While lending institutions have been required (for loans closed after July '99) to cancel Private Mortgage Insurance (PMI) when the loan balance dips under 78% of the price of purchase, they do not have to cancel automatically if the equity is above 22%. (There are some loans that are not included -like some loans considered 'high risk'.) But you have the right to cancel PMI yourself (for mortgage loans made after July 1999) when your equity reaches 20 percent, without consideration of the original purchase price.
Keep track of money going toward the principal. You'll want to stay aware of the the purchase prices of the homes that are selling in your neighborhood. Unfortunately, if yours is a recent loan - five years or fewer, you probably haven't begun to pay very much of the principal: you are paying mostly interest.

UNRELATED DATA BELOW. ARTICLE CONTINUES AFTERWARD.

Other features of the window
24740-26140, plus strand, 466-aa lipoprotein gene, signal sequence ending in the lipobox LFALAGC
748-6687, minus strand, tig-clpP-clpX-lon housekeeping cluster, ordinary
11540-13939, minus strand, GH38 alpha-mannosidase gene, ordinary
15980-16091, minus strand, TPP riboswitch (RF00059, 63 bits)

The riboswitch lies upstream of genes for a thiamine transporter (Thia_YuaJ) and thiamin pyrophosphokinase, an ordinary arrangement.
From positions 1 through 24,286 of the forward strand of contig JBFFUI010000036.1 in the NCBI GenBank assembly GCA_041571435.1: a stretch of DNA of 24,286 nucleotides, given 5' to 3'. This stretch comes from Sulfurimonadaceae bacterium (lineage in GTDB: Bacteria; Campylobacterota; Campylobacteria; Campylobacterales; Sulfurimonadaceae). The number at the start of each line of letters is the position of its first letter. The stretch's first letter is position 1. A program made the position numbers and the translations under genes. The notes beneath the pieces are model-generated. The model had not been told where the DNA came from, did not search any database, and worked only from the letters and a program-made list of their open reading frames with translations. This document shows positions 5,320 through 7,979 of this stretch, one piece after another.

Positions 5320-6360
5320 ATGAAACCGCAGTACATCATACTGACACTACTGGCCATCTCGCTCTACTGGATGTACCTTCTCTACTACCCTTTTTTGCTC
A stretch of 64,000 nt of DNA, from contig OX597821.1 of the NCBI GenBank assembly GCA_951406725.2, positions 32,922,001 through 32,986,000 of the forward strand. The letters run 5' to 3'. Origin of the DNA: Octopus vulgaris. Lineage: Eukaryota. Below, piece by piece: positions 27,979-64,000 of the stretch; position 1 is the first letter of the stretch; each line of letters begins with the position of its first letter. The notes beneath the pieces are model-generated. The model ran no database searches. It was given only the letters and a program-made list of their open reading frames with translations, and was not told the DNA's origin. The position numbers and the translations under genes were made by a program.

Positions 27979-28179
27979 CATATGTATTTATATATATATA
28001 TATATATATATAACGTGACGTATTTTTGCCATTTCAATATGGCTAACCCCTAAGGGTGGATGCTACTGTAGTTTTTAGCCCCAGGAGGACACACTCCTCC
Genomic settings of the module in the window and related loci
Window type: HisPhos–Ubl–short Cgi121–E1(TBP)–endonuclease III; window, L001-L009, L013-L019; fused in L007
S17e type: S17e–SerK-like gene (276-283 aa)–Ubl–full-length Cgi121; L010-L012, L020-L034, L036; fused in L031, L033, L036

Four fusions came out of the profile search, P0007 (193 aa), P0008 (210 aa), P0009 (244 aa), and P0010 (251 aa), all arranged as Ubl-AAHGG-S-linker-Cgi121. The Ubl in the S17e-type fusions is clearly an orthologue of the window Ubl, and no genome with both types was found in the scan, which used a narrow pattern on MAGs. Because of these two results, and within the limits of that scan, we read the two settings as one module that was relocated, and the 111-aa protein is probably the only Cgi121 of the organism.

You can start the process of canceling PMI when you determine your equity reaches 20%. First you will notify your lender that you are asking to cancel your PMI. Lenders request documentation verifying your eligibility at this point. A state certified appraisal documented on the appropriate form (URAR-1004 - Uniform Residential Appraisal Report) is the best proof there is � and your lender will probably require one before they'll cancel PMI.
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